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Volume 25 Issue 6 - March 2020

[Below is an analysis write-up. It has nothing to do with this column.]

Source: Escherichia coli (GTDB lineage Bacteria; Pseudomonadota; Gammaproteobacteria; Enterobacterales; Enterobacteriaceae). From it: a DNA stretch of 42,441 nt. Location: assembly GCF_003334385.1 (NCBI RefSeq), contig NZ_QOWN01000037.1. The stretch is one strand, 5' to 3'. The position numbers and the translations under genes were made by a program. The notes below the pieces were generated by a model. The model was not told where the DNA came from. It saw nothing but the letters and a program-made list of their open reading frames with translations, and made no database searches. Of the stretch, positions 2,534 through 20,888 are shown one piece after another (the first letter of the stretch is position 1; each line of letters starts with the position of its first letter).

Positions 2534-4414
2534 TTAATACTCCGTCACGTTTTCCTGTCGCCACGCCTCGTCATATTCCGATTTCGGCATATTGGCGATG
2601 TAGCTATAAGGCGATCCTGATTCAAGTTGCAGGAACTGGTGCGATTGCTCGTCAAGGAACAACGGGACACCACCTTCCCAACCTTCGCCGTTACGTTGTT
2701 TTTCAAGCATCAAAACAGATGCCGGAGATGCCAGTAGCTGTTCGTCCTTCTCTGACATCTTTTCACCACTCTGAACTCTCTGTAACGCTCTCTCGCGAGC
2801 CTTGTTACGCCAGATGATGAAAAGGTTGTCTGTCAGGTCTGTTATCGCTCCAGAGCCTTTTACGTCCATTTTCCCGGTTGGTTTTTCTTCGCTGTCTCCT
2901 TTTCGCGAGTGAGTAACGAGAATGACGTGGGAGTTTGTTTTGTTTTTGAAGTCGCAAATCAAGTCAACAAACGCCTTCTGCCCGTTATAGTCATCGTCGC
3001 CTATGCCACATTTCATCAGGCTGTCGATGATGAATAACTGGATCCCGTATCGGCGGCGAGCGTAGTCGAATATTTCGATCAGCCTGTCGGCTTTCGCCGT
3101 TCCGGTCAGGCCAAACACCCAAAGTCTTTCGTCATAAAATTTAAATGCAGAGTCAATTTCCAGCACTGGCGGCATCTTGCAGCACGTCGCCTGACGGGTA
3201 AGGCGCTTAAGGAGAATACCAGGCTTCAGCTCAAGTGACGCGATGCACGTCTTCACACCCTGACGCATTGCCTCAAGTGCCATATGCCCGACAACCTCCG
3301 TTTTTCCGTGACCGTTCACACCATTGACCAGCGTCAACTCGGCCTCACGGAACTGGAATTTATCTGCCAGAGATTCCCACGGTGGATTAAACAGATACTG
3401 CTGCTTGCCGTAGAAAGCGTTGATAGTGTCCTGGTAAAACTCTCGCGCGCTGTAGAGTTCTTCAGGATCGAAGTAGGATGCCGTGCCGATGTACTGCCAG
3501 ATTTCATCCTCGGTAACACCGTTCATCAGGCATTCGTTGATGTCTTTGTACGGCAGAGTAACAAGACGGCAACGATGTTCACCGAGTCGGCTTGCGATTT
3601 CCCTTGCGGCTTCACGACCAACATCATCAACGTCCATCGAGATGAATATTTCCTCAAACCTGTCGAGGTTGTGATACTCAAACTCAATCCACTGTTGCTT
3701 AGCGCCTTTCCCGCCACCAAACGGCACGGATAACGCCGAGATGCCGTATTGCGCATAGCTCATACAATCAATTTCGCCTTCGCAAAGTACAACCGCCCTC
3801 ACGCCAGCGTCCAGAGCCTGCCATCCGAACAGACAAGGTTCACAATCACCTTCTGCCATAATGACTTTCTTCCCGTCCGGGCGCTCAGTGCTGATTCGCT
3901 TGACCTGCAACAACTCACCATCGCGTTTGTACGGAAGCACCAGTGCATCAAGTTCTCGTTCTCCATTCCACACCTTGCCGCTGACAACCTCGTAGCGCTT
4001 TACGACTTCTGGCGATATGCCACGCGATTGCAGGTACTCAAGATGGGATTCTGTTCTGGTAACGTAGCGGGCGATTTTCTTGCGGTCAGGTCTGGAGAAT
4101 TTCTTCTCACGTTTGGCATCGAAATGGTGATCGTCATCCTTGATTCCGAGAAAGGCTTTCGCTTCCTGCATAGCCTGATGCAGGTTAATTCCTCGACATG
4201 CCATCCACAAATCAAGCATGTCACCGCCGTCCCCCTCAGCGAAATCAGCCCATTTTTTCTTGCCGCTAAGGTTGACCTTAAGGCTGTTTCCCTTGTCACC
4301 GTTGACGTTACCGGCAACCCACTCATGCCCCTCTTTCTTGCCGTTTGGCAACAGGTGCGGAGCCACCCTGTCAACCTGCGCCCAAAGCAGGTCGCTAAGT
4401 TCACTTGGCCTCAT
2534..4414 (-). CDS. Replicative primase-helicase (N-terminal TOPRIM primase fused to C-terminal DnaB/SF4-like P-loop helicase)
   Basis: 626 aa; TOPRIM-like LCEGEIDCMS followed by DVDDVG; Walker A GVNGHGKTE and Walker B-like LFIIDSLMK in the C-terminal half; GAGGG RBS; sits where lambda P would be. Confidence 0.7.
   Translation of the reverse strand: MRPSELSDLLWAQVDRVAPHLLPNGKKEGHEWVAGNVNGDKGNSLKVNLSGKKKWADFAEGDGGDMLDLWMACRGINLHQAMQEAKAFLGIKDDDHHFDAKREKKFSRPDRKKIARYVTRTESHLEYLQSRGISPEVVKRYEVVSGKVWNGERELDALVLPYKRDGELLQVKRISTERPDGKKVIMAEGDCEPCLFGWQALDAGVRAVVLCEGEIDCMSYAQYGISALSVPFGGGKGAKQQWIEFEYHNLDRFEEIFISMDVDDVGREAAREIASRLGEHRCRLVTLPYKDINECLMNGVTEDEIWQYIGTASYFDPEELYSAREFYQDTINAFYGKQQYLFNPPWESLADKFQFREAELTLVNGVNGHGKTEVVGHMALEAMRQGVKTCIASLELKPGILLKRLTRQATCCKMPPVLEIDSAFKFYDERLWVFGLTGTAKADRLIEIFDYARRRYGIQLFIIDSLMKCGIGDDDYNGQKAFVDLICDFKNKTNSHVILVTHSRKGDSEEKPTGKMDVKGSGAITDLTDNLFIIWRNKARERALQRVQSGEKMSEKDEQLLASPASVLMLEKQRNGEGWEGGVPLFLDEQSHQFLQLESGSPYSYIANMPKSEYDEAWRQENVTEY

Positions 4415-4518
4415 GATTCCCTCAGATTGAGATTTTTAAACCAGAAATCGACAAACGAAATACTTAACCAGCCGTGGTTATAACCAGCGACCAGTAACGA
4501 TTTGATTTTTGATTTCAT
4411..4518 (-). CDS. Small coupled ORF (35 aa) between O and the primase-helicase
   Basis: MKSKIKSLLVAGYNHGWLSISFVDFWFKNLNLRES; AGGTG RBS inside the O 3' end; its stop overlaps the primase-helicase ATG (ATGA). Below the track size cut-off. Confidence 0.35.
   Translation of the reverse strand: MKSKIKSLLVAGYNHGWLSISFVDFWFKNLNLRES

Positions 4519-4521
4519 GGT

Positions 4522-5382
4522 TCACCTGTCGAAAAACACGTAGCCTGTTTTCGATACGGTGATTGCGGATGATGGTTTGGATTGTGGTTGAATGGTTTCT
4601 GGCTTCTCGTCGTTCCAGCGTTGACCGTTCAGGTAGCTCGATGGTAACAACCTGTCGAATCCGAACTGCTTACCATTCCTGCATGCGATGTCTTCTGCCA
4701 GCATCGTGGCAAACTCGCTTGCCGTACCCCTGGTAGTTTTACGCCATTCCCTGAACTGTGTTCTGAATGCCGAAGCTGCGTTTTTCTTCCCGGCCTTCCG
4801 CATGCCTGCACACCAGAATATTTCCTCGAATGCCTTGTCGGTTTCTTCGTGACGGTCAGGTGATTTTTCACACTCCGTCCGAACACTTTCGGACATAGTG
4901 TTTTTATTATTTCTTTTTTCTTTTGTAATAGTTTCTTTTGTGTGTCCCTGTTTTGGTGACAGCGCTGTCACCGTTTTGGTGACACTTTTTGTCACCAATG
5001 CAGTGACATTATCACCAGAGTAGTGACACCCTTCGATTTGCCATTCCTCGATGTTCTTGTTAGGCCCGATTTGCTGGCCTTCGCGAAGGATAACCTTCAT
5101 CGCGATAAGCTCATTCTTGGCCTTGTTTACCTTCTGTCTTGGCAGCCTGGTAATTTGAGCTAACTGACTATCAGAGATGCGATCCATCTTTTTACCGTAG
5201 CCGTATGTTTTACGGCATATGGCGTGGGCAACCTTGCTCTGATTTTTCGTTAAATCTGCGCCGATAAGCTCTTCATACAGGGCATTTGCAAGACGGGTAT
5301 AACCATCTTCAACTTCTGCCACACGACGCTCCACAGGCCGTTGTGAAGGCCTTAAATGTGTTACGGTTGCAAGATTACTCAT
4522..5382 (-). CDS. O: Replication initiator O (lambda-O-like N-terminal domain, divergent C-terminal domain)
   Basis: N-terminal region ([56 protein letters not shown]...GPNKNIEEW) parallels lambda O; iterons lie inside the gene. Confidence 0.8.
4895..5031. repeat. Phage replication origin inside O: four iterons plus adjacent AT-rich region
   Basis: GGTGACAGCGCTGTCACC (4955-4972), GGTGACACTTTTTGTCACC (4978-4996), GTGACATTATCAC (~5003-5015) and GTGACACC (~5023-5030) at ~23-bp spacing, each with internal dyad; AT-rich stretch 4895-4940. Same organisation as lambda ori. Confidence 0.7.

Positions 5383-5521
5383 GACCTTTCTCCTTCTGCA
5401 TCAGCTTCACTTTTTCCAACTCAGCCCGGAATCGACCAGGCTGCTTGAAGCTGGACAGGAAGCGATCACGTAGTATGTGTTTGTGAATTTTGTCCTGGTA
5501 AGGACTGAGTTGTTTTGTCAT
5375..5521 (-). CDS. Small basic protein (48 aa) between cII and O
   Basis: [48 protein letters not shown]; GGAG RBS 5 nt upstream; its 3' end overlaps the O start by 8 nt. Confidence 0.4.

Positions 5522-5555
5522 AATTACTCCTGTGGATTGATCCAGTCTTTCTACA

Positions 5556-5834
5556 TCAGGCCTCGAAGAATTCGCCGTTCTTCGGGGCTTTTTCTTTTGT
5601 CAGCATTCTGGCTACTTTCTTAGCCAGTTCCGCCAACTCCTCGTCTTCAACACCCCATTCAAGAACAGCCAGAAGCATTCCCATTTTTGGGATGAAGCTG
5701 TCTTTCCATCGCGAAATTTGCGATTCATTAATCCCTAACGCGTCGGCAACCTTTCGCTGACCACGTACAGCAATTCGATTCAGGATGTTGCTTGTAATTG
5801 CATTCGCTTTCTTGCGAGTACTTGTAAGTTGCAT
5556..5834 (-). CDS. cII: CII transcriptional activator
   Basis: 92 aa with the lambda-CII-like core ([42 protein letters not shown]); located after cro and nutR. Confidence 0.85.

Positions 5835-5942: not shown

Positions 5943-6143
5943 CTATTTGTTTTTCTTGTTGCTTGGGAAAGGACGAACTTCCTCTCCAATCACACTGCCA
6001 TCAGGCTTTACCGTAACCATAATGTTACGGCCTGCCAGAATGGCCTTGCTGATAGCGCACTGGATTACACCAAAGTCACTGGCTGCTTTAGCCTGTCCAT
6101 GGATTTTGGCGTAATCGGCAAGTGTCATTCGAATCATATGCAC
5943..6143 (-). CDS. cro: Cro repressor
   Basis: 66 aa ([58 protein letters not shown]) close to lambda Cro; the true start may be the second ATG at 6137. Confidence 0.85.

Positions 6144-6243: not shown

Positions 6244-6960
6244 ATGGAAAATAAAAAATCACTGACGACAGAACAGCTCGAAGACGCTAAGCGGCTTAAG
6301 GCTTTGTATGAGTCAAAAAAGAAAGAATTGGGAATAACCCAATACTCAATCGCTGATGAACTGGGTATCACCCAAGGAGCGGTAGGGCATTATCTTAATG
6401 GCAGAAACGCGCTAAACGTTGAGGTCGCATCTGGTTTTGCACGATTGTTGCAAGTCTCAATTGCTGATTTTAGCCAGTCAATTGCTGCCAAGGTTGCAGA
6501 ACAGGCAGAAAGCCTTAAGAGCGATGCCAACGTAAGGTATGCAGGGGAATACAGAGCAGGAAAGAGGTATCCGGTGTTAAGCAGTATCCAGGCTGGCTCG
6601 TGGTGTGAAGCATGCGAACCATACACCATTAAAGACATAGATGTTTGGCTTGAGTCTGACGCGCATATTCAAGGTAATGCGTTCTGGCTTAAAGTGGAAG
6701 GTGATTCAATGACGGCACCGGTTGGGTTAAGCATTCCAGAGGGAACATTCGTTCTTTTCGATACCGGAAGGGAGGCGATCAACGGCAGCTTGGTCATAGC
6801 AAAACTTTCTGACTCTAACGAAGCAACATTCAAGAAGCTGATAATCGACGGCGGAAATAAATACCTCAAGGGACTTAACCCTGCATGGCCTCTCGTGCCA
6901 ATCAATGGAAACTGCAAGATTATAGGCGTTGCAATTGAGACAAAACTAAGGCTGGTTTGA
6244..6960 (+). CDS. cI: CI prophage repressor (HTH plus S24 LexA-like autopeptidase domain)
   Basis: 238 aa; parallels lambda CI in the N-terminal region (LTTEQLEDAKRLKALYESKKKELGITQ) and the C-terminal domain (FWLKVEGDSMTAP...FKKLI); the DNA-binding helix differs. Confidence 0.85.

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FEATURED: Music & Health writer Vivien Fellegi explores music, blindness & the plasticity of perception; David Jaeger digs into Gustavo Gimeno's plans for new music in his upcoming first season as music director at TSO; pianist James Rhodes, here for an early March recital, speaks his mind in a Q&A with Paul Ennis; and Lydia Perovic talks music and more with rising Turkish-Canadian mezzo Beste Kalender. Also, among our columns, Peggy Baker Dance Projects headlines Wende Bartley's In with the New; Steve Wallace's Jazz Notes rushes in definitionally where many fear to tread; ... and more.